Converse Stays True | Adweek
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Converse Stays True

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Either reports of the death of television are exaggerated, or the ancient medium is indeed so over that it's already enjoying a renaissance: Last week, I wrote about Starbucks running its first TV ad campaign for its stores, and now Converse, the deeply hipster sneaker, has launched its latest effort.

By way of explanation from its agency, Anomaly, Converse seeks to "positively disrupt" the flow of mindless pablum emitted from the proverbial wasteland and "jar people a bit."

Um, isn't that exactly what every other commercial that's ever appeared on TV since the beginning of time has aimed to do?

That aside, these spots are so authentic, low budget and low-tech that they positively reverberate with appropriately old-school brand emotion. They suggest a pre-YouTube time when garage bands played in semi-obscurity and the Ramones were—how to put it?—alive.

Three new Converse spots are running (with three more to come), but one of them, "Me/We," is not like the others in tone or look. If there is a simpler spot than "Me/We," I'd like to see it. It has two elements, a two-letter graphic in which the M of me slowly turns into a W for we, and Bob Marley singing "One Love" in the background. I love the song and its ethos, but on TV it's long been used by the Jamaican Tourist Board. Might the spot have been more "positively disruptive" sans music?

As for the medium being the message, Marshall McLuhan would be so proud: It will play during political programming on Comedy Central, and wherever there is a debate going on (sports, music, on Fox) and also online on blogs like The Huffington Post. The graphic part probably cost about $100 to make, but by changing "me" to "we" the brand taps into all the latest talk about social media and connectivity, community and the future of the planet.

There is a fine line here, I admit, between genius and the emperor's new clothes, particularly for a phrase like "positive disruption," but like Rorschach tests, the spots lend themselves to repeated viewing, and suggest a level of depth that is more than meets the eye.

The two other spots are music performance based, and in that way effortlessly hit the brand's demographic sweet spots: artists who played in bands during or after college, and now, for better or worse, work for the man, and tweens (with no self-esteem problems at all!) who have worn Ramones T-shirts ever since they were toddlers and share their arty parents' love of vague rebellion and punk rock. (I'm not being snide here. To be honest, this particular, if annoying, profile fits my kid and me.)

"Unsigned Band" features music, as the spot tells us, "recorded in a bedroom on a Tuesday night in Gainesville, Fla.," and a really crappy, blurry color photo of a power pop band performing in a crowded dive bar in the early 2000s. The copy that scrolls over the still photo reads like something from an updated Jack Kerouac novel, "The band Mightaswell never became famous. In fact, they never got paid. They did, however, tour the Southeast in a 1994 teal green van with a busted speedometer." I enjoyed all that until the last line, "And they couldn't have been happier."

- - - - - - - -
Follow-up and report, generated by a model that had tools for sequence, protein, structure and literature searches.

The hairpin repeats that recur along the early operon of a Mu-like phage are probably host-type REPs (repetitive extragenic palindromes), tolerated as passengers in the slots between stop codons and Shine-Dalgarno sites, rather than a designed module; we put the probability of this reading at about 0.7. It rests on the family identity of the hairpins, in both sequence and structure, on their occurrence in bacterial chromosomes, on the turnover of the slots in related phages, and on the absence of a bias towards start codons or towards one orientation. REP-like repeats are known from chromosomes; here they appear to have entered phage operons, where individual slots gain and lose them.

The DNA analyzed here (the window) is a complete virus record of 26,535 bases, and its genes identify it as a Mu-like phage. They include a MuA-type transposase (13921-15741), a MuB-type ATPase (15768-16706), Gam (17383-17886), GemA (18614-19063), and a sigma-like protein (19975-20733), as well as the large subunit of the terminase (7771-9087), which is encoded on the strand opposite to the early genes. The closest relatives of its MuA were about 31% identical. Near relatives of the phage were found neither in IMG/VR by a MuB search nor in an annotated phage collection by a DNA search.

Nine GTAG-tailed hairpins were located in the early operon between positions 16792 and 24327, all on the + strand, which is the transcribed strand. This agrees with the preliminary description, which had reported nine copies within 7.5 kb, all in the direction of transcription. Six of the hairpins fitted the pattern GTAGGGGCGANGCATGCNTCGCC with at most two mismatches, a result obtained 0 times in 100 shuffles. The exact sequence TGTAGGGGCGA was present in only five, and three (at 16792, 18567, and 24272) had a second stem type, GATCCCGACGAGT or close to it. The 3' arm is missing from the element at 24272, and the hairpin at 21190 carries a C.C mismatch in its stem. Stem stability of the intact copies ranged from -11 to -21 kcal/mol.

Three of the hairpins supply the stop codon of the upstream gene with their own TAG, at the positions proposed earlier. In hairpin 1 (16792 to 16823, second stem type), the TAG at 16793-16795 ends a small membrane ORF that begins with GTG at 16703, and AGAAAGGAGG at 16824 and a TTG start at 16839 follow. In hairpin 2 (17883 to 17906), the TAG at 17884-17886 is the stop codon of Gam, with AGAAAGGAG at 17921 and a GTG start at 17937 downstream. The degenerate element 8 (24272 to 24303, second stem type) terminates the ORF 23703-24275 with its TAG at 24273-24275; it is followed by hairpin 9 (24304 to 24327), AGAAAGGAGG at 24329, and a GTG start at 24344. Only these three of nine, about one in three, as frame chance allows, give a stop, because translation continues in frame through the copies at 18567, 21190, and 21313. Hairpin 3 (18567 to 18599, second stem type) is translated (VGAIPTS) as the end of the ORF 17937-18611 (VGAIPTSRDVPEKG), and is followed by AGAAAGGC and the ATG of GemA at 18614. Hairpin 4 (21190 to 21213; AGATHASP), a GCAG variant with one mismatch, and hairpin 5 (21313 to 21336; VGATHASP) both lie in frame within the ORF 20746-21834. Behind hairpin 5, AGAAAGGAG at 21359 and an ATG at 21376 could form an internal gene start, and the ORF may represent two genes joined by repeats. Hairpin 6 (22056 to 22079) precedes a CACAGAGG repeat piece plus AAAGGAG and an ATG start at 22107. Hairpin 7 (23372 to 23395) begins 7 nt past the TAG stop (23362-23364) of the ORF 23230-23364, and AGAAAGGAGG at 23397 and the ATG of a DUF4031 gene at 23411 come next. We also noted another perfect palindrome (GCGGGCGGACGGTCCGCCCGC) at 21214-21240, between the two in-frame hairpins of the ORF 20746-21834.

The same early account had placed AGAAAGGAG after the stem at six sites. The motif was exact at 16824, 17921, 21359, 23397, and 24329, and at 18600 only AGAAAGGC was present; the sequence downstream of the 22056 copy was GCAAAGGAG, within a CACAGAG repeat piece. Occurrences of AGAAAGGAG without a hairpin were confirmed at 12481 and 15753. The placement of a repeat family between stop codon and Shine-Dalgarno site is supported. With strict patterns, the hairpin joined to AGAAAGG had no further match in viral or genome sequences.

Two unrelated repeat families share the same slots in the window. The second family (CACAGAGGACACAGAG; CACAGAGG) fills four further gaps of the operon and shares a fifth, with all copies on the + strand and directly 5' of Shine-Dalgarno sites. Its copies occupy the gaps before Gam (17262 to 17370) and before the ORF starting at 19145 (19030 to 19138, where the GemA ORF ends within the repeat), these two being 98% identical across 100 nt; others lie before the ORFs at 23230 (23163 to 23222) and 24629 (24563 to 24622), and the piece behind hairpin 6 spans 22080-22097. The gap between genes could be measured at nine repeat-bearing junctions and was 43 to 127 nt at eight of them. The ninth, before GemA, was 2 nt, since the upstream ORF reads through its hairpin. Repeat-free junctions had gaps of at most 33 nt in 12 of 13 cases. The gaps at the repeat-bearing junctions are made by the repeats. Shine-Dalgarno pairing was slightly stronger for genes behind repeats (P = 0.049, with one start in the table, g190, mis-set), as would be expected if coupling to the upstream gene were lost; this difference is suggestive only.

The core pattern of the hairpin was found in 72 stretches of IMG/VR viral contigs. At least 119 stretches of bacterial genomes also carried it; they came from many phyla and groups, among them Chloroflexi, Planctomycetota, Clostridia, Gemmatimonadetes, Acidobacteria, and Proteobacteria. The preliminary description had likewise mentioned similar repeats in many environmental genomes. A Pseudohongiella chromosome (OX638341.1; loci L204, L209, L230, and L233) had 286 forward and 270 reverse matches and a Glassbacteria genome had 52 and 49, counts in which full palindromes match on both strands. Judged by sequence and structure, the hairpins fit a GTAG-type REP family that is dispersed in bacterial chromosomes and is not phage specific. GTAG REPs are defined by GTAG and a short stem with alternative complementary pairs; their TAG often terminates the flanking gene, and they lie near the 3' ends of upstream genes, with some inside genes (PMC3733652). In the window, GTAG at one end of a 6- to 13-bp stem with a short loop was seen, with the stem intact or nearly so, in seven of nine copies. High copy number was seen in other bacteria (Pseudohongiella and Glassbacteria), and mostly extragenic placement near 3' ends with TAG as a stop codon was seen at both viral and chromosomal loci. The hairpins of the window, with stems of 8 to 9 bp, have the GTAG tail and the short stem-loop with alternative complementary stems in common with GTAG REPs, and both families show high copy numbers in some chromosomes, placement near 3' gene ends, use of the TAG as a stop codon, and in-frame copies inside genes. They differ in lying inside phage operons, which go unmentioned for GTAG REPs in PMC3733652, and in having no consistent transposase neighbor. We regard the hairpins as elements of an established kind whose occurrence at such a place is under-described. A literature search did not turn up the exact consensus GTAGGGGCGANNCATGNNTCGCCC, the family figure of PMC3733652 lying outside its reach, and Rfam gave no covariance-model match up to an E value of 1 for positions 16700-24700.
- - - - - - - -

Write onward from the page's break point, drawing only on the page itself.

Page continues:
Those last words didn't quite ring true, as I'm sure they would have been happier if they had gotten paid. Ever. And I got confirmation of that, as the campaign's creative, Ross Aboud, was a band member while a student at the University of Florida.

As with any good story, the irony here is that by resurrecting Mightaswell's music in this commercial, the band's MySpace page (where you can also sign up for a free CD) has already gotten thousands of hits. With its newfound fame and popularity—TV is the big time, after all—the band might just get back together, and maybe even get paid this time.

"Three Chords" is the spot that talks to tweens, and is the most happening and powerful of the three. It features Sophie Kasakove, 11, a cute girl in plaid pants who sings and plays guitar. She's actually a member of Brooklyn's ironically named kid band Care Bears on Fire.

Sophie personifies the girl-who-doesn't-buy-into-the Barbie-thing, and if the spot runs during MTV's The Hills, with its cookie-cutter, post-plastic surgery "real people" characters, it will be disruptive. Her lyrics, which she wrote, are pretty characteristic of poetic 11-year-olds: "Don't tell me what to do, what to wear, what to say," and "I don't want to be like everyone else." But there's a real charm to the presentation. She sings, and then the subtitles open up a whole world: "Learn three chords. Play 10,000 songs." That refers to the C, F, and G chords (in the scale of C) that back almost all country, blues and rock songs.

Anyway, the spot shows a kid who shines, an authentic original, who positively embodies the brand. Take that, you fakers on American Idol! Here's the rub: Will appearing in this commercial, which is also popular on YouTube and is being sent around the world virally, turn our Sophie into a Care Bear from Hell?

After all, she still has to get up in the morning and put on her Chuck Taylors one pink shoe at a time. But the whole scenario, complete with the turning into a monster outcome, couldn't be more of the moment. Perhaps the final irony here is that running the spots on—eeww—television constitutes the nearly 100-year-old brand's ultimate act of rebellion.